Do you remember the story of the straw that broke the camel’s back? It is an illustration of how overloaded systems are sensitive to small perturbations. Could the COVID-19 epidemic be the straw that breaks the back of the world’s economy?

Like an overloaded camel, the world’s economy is strained by at least two tremendous burdens: one is the increasing costs of production of mineral resources (don’t be fooled by the current low prices of oil: prices are one thing, costs are another). Then, there is pollution, including climate change, also weighing on the economy. These two factors define the condition called “overshoot,” occurring when an economic system is consuming more resources than nature can replace. Sooner or later, an economy in overshoot has to come to terms with reality. It means that it can’t continue to grow: it must decline.

These considerations can be quantified. It was done for the first time in 1972 with the famous report The Limits to Growth sponsored by the Club of Rome. Widely disbelieved at the time, today we recognize that the model used for the study had correctly identified the trends of the world’s economy. The results of the study showed that the double burden of resource depletion and pollution would bring economic growth first to a halt and then cause it to collapse, probably at some moment during the first decades of the 21st century. Even with very optimistic assumptions on the availability of natural resources and of new technologies the calculations show that the collapse could at best be postponed, but not avoided. Many later studies confirmed these results: collapse turns out to be a typical feature of systems in overshoot, a phenomenon called sometimes the “Seneca Cliff” from a sentence of the ancient Roman philosopher Lucius Annaeus Seneca.

The base case scenario calculated in the 1972 version of “The Limits to Growth” 

The coronavirus, in itself, is a minor perturbation, but the system is poised for collapse and the epidemics may trigger it. We already saw how the world’s economy is fragile: it nearly collapsed in 2008 under the relatively small perturbation of the crash of the subprime mortgage market. At that time, it was possible to contain the damage but, today, the fragility of the system has not improved and the coronavirus may be a stronger perturbation. The collapse of entire sectors of the economy, such as the tourism industry (more than 10% of the world’s gross product), is already ongoing and it may be impossible to stop it from spreading to other sectors.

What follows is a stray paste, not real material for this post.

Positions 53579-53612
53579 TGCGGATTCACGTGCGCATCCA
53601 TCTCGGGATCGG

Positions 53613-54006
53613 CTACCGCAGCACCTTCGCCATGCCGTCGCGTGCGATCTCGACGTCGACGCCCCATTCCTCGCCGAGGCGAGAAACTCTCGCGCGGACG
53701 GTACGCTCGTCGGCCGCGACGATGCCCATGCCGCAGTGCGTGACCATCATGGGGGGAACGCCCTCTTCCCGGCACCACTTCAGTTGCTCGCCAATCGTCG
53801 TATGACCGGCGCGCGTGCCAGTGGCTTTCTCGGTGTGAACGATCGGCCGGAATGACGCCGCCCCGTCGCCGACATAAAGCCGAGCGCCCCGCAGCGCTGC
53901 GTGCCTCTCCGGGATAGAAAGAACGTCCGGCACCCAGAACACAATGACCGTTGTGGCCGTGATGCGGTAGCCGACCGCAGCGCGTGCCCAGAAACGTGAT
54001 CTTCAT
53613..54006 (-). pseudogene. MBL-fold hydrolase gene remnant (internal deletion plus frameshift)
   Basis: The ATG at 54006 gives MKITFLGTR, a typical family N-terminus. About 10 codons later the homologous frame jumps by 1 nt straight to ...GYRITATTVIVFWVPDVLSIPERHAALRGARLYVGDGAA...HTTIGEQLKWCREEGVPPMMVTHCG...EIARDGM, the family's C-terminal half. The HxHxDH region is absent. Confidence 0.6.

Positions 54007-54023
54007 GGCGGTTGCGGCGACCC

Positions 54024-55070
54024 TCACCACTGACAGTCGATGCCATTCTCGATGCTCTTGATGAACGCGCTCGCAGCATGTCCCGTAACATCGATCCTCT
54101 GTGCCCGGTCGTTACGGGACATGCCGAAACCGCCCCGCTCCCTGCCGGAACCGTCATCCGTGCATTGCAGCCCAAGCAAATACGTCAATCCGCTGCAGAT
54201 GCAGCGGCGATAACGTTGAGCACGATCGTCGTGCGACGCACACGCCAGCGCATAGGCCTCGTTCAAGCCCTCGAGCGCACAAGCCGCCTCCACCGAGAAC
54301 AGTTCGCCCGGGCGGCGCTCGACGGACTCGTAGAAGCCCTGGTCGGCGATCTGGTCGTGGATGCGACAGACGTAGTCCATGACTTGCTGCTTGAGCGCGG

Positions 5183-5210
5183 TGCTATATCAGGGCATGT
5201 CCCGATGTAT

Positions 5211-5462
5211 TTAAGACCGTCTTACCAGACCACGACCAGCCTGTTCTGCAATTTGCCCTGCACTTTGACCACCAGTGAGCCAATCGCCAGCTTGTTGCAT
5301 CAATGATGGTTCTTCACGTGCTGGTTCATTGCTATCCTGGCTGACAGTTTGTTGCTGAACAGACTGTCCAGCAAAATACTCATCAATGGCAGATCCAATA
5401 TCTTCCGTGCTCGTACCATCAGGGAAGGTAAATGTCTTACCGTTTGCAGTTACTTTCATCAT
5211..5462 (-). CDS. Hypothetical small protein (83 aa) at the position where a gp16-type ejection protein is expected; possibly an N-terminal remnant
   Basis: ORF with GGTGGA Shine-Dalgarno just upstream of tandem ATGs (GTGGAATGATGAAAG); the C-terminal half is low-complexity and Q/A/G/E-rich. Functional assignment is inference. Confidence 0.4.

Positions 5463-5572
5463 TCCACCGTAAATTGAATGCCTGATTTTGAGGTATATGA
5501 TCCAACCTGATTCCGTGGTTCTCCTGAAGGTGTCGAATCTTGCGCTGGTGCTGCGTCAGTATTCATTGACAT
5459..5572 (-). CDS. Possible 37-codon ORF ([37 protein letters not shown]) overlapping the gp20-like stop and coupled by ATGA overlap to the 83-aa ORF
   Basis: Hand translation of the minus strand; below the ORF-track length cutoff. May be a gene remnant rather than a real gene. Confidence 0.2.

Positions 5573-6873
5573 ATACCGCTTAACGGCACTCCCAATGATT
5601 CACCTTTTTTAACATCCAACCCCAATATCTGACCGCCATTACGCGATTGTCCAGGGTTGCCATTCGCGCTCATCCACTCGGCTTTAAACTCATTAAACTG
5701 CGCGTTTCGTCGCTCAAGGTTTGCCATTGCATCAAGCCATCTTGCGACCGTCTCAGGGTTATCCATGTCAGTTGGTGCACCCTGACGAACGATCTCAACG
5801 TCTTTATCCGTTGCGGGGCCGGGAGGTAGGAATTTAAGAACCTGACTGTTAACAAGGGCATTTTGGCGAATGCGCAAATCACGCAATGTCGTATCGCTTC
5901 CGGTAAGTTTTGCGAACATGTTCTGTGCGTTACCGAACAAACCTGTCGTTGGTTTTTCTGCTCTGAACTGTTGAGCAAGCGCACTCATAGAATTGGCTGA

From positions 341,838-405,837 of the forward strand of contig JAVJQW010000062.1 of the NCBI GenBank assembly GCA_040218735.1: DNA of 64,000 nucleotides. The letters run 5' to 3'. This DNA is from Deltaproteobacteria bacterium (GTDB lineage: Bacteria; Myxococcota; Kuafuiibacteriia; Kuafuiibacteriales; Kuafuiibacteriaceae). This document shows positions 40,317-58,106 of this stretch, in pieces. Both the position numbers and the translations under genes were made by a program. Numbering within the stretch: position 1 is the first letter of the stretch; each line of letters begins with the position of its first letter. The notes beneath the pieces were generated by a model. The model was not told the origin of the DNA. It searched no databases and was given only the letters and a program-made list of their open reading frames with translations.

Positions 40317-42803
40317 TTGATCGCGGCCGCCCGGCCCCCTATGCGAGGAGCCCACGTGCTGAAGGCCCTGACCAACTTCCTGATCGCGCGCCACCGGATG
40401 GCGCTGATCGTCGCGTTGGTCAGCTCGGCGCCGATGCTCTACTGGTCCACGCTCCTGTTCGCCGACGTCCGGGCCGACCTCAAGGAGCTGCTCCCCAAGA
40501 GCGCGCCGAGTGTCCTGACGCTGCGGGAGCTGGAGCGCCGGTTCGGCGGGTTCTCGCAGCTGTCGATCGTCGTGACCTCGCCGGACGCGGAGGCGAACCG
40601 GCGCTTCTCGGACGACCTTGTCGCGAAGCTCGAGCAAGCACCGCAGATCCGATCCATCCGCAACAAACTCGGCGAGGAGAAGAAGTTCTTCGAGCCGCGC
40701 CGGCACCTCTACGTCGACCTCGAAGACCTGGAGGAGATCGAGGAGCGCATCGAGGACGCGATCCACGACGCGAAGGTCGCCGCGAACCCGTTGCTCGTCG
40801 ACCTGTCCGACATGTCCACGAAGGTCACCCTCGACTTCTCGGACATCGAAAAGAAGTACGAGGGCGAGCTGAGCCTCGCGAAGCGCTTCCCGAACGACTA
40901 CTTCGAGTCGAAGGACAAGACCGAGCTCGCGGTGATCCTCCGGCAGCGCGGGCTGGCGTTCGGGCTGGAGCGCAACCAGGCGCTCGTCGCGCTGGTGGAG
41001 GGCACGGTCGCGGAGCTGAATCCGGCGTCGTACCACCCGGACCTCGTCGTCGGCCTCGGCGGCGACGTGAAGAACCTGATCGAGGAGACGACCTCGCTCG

So, what exactly is it going to happen to us? Since we started with mentioning a camel, we may also mention a famous statement by Shaykh Rāshid that we can summarize as, “My father rode a camel, I drive a Mercedes, my son will ride a camel.” Might that sentence have been truly prophetic?

Indeed, the coming crisis might turn out to be so bad to push us back to the Middle Ages. But it is also true that all major epidemics in history have seen a robust rebound after the collapse. Consider that, in the mid-14th century, the “black death” killed perhaps 40% of the population of Europe but, a century later, Europeans were discovering America and starting their attempt of conquering the world. It may be that the black death was instrumental in this rebound: the temporary reduction of the European population had freed the resources necessary for a new leap forward.

Could we see a similar rebound of our society in the future? Why not? After all, the coronavirus could be doing us a favor by forcing us to abandon the obsolete and polluting fossil fuels we use today. The current low market prices are the result of the contraction of the demand and are likely to be the straw that breaks the back of the oil industry. That will leave space for new and more efficient technologies. Today, solar energy has become so cheap that it is possible to think of a society fully based on renewable energy. It won’t be easy, but recent studies show that it can be done.

That doesn’t mean that the near term collapse can be avoided. The transition to a new energy infrastructure will require enormous investments, impossible to find in a moment of economic contraction we expect for the near future. But, in the long run, the transition is unavoidable and there is hope for a “Seneca rebound” toward a new society based on clean and renewable energy, no more plagued by the threats of depletion and climate change. It will take time, but we can heal the poor camel’s back.

Ugo Bardi teaches physical chemistry at the University of Florence, in Italy and he is also a member of the Club of Rome. He is interested in resource depletion, system dynamics modeling, climate science and renewable energy. Contact: ugo.bardi(whirlything)unifi.it


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